Although development activity is expected to increase from 2012 on, forecasts also show positive net absorption, which indicates that demand will still outweigh supply.

Sales Scurry

From a transactional perspective, the bottom line is that San Francisco is a fundamentally strong market, which explains why it continues to attract investors, despite a sluggish economy. Consider that Class A cap rates, which are sub-5 percent in the City Center and as high as 6 percent in the East Bay, are conducive to trades. Meanwhile, Class B and C cap rates tend to run only 75 to 125 basis points higher than those in Class A.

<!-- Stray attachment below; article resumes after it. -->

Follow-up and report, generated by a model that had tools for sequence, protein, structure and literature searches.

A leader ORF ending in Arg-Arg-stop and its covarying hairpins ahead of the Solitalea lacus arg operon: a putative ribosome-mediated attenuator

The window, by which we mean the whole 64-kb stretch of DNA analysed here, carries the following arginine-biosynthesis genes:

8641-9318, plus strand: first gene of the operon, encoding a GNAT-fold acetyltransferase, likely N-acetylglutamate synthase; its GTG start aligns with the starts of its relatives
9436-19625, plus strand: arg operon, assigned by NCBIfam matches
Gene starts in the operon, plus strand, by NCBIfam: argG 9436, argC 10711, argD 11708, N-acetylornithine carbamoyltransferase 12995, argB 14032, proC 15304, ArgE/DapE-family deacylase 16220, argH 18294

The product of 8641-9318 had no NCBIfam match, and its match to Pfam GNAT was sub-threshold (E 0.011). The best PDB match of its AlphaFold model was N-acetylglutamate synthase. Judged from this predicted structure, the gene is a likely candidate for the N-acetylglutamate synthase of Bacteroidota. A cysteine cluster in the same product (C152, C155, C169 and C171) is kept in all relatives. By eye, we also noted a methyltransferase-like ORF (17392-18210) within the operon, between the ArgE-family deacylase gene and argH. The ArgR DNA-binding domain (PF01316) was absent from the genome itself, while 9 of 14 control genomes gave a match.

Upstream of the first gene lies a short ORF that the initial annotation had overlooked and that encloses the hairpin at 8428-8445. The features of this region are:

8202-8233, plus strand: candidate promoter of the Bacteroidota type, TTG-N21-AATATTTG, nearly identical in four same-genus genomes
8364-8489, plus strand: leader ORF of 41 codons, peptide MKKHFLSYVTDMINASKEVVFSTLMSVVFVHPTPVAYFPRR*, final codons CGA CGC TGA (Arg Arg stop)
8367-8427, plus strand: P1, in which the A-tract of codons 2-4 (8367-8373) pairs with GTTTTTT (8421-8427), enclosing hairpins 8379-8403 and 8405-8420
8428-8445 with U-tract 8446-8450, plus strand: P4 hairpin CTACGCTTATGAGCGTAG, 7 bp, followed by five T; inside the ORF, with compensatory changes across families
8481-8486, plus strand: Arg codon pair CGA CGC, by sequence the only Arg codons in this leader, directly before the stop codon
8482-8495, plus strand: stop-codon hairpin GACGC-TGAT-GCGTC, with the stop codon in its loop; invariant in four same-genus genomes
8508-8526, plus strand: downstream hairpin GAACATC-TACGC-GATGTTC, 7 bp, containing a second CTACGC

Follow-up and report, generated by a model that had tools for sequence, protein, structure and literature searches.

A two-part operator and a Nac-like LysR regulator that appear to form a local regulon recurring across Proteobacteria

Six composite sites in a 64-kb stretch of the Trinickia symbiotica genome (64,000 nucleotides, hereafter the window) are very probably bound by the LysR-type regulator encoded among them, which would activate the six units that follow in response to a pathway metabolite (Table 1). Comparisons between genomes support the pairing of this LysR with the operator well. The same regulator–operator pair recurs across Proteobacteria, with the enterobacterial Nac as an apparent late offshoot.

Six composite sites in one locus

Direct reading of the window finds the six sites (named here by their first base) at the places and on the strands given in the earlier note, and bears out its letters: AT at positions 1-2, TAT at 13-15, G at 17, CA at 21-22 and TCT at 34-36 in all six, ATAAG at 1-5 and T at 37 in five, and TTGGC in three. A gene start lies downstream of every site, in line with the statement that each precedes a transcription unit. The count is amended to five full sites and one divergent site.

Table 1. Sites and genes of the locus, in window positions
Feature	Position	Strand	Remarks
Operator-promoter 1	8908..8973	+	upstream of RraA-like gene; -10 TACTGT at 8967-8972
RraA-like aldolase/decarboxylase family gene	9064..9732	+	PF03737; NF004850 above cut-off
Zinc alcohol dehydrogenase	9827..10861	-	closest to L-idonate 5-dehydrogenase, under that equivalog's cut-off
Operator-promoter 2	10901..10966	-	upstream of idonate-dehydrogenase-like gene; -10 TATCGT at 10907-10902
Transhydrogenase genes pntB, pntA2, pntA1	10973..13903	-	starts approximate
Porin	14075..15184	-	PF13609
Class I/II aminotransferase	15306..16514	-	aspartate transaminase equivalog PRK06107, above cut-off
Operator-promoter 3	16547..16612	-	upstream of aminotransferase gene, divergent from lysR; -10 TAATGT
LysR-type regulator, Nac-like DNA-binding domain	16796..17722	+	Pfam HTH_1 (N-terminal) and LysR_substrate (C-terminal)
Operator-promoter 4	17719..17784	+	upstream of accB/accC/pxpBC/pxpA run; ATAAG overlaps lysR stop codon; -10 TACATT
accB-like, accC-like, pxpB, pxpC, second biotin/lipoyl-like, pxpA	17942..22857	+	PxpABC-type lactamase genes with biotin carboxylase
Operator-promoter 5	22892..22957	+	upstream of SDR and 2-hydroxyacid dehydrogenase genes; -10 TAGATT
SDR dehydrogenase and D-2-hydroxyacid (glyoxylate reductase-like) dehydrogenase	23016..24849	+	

Solid Trades: The Commons, a 264-unit multifamily property in Campbell, Calif., near Silicon Valley, is a 1970s product that sold for $160,985 per unit at a 5.4 percent cap rate.
ARA Pacific Solid Trades: The Commons, a 264-unit multifamily property in Campbell, Calif., near Silicon Valley, is a 1970s product that sold for $160,985 per unit at a 5.4 percent cap rate.